Wednesday 11 December 2002

By Amy Taylor, Shona Main and Alex Dobson.

Britain opens its doors to Eastern Europe.

Britain is to be the only major European country to give full
working rights to people from eight Eastern European states
immediately when they join the EU in 18 months time.

Other countries, including Italy, France and Germany, are
concerned that their workers will be undercut by cheap labour and
are waiting for up to seven years before giving new EU citizens the
right to work.

Source:- The Times, Wednesday 11 December, page 1

Immigrants boost wage levels for all

Immigrants do not take jobs from the resident population and may
even increase general wage levels, according to independent
research published by the Home Office yesterday.

The study, carried out by University College London, is the
first to take an in-depth look at immigrant workers in Britain and
confirms that they are an important and growing minority in the
British labour market, making up about 9 per cent of the working

Source:- The Guardian, Wednesday 11 December, page

Battle to free British care worker in

An international campaign to free a Briton sentenced to 46 years
in jail in Brazil has been launched after calls that he was framed
for sexually abusing children.

Craig Alden, 33, who ran an orphanage for street children,
claims he has been the victim of a vendetta after refusing to work
with corrupt and unprofessional local authorities.

Source:- The Guardian, Wednesday 11 December, page

Jail overcrowding pushes up suicides

Jail overcrowding is driving up the suicide rate and stifling
rehabilitation work, Anne Owers, the chief inspector of prisons
said yesterday.

In her first annual report she said: “There can be no doubt that
most prisons are less safe than they were a year ago and many are
also less decent places.”

Source:- The Guardian, Wednesday 11 December, page

Streets behind

Helping the homeless used to be all about beds and blankets. But
while the focus is now on lasting solutions, resources remain poor
for tackling the key issue – drug abuse.

Source:- Guardian Society, Wednesday 11 December, page

Morals maze

Oxfam’s loss is Palestinian aid’s gain

Source:- Guardian Society, Wednesday 11 December, page

Charities hit by doubts

Survey uncovers concerns over where the money goes

Source:- Guardian Society, Wednesday 11 December, page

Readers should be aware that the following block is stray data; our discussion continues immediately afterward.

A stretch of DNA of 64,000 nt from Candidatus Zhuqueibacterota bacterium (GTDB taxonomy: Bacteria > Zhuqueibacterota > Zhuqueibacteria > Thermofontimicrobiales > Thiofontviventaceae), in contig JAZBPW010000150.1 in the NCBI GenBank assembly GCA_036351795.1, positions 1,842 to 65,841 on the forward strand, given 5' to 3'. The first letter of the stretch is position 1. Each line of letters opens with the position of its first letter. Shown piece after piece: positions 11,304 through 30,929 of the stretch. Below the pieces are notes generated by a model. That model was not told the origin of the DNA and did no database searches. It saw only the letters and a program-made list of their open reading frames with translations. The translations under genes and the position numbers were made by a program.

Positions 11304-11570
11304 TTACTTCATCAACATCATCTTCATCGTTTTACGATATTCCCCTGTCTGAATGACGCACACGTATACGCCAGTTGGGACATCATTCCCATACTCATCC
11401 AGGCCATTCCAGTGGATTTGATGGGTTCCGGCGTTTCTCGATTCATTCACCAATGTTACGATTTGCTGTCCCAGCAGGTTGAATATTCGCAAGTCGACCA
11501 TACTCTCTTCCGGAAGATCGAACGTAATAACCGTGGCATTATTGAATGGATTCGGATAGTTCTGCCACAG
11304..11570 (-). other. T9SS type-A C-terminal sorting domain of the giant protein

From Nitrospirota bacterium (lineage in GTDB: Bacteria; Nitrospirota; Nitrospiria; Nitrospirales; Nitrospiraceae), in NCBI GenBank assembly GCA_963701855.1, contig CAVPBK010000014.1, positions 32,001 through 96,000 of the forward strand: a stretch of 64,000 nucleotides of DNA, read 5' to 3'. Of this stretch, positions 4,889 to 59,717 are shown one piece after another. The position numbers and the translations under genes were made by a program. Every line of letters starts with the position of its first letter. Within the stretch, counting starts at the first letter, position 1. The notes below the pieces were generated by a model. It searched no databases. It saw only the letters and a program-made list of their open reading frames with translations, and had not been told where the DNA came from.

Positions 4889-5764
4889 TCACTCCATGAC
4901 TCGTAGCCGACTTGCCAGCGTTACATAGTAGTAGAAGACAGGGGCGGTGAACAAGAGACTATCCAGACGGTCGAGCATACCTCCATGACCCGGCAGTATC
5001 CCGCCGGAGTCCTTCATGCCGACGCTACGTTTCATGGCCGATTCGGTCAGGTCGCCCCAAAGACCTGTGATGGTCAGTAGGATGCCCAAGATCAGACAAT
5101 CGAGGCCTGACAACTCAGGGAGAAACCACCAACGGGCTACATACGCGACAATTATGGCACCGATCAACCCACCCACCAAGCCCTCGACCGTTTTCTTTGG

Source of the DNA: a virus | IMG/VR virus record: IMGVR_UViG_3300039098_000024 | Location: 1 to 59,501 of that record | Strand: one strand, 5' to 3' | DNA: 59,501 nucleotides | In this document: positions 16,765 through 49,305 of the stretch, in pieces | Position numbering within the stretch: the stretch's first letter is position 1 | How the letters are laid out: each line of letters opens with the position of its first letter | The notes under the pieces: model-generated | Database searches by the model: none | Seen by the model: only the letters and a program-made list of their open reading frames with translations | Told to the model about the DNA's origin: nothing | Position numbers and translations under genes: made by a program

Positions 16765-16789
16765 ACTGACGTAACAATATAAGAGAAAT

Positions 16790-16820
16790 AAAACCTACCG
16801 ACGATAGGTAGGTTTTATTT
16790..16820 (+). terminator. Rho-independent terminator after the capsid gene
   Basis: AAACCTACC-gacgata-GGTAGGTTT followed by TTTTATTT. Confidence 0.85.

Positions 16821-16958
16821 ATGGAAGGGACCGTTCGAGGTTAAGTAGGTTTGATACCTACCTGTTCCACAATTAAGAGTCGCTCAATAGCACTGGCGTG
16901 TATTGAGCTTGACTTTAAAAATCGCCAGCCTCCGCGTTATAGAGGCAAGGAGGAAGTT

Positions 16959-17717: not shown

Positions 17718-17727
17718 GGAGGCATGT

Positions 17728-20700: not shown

Housing master class

Birmingham must apply school reforms to homes policy

Source:- Guardian Society, Wednesday 11 December, page

Staff of life

Charity Fairbridge helps troubled young people develop personal
social skills and takes pride in turning them into its frontline

Source:- Guardian Society, Wednesday 11 December, page

Past points the way

A new housing scheme outside York is bringing the traditional
‘garden suburb’ concept into the 21st century. But it is facing
stiff opposition.

Source:- Guardian Society, Wednesday 11 December, page

Quest for missing links

Ruth Jones, guru of real-world regeneration.

Source:-  Guardian Society, Wednesday 11 December, page

Just for the record

What makes a murderer

Source:- Guardian Society, Wednesday 11 December, page

Left out in the cold

A campaign to help elderly people who dread winter

Source:- Guardian Society, Wednesday 11 December, page

Creche course

How a scheme begun by Aldous Huxley’s widow is transforming  the
lives of teenagers in London

Source:- Guardian Society, Wednesday 11 December, page

Scottish papers

Meeting victim helps girl gang avoid jail

The victim of an “extremely horrific and unprovoked attack” has
helped keep his teenage assailants out of jail after meeting

Four teenage girls were convicted of the brutal attacked on Neil
Davidson, 46, last year. However, before sentencing, Davidson met
the girls for what was called “a textbook reparation

The court heard that the meeting had made a positive impact on
the girls while Davidson said he was impressed by their response to
events. The girls received probation.

Source:- The Herald, Wednesday 11 December, page 4

Debt agency tells disabled woman to eat

A company that collects outstanding council tax has told a
disabled woman that she spends too much on food.

Stirling Park, one of Highland Council’s debt collection
agents, has told Jean Cadden, 53, who needs a special diet, that
the £180 she spends a month on food – £6 a day – was too
much for one person.

They have been ordered to recover £819 in council tax
arrears from Cadden, who currently pays £30 a month to help
clear her debt. She has been told to pay an extra £12 a month
or face court action.

Source:- The Scotsman, Wednesday 11 December, page

Welsh papers

Nurse ‘saw smothering’

The evidence of a nurse who saw an alleged attempted
‘smothering’ of a baby had the hallmark of truth,
Cardiff crown court was told.

A 39-year-old man is charged with murdering his six-month-old
son and attempting to murder his seven-week-old son.

The nurse from the Royal Gwent hospital in Newport had given
evidence that she saw the baby’s father trying to smother his
child in a hospital cubicle.

She recorded the incident in her diary and contacted the
hospital authorities. Both children had been the subject of what
have been described as ‘frightening incidents’ where
they stopped breathing in the weeks before they died. The case

Source:- South Wales Argus, Tuesday 10 December, page

More from Community Care

Comments are closed.